Same here, it's been a lot of hard work getting it all together. Can't wait :-)
On Wed, 2 Sep 2020 at 17:58, Alan Sondheim via NetBehaviour
<netbehaviour at lists.netbehaviour.org> wrote:
> Hi Marc,
> This is interesting; I've read many of these books, not so much of the commentaries. Science magazine, by the way, had a whole special issue devoted to the book - the first time, as far as I know, that they've done this with any cultural artifact. It was a few years ago; I think I have the issue here somewhere (I've gone to virtual with them since). As you know, my own work has been dealing with extremis, although it predates the pandemic; semantic ghosting is the body at the vertex of the machine, the biologic mush at the beginning and end of representations and receptions before and during the rise and plateau of machine consciousness. I loved among other things seeing the covers. I still tend to read my theory/work offline; I find the ability to quickly move back and forth through a book is faster for me than parsing a file. There's something about the body of a book that I've thought about, but others have probably written far better than I could on that, and I'm always aware of being taken for an antiquarian. Looking forward to the book!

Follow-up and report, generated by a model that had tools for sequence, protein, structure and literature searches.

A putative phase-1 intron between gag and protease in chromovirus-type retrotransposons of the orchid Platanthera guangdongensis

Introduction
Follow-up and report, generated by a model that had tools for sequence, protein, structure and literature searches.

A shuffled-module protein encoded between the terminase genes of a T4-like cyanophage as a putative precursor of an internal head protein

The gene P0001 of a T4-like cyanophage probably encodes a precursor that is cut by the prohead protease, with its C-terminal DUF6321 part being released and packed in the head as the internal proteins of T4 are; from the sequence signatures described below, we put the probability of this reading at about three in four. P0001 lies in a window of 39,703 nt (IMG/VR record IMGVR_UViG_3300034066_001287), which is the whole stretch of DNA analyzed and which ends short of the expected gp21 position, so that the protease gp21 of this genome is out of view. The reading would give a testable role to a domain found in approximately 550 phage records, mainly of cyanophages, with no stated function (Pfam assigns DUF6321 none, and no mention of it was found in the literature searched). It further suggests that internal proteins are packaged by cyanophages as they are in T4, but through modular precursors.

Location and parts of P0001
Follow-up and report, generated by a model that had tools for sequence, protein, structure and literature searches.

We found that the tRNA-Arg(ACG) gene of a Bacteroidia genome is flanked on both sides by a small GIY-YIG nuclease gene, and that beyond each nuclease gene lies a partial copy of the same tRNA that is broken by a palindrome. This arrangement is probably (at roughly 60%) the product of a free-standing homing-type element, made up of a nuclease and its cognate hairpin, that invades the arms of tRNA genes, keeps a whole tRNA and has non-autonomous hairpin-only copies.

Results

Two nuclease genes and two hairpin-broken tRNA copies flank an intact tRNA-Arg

> Best, Alan
> On Wed, Sep 2, 2020 at 7:39 AM marc garrett via NetBehaviour <netbehaviour at lists.netbehaviour.org> wrote:
>> Monsters of the Machine and Children of Prometheus, Reading Materials.
>> During the last 8 months or so, I have been working on a new book with
>> co-editor Yiannis Colakides. It's called Frankenstein Reanimated:
>> Conversations with Artists in Dystopian Times.
>> However, before compiling the materials for this book I had already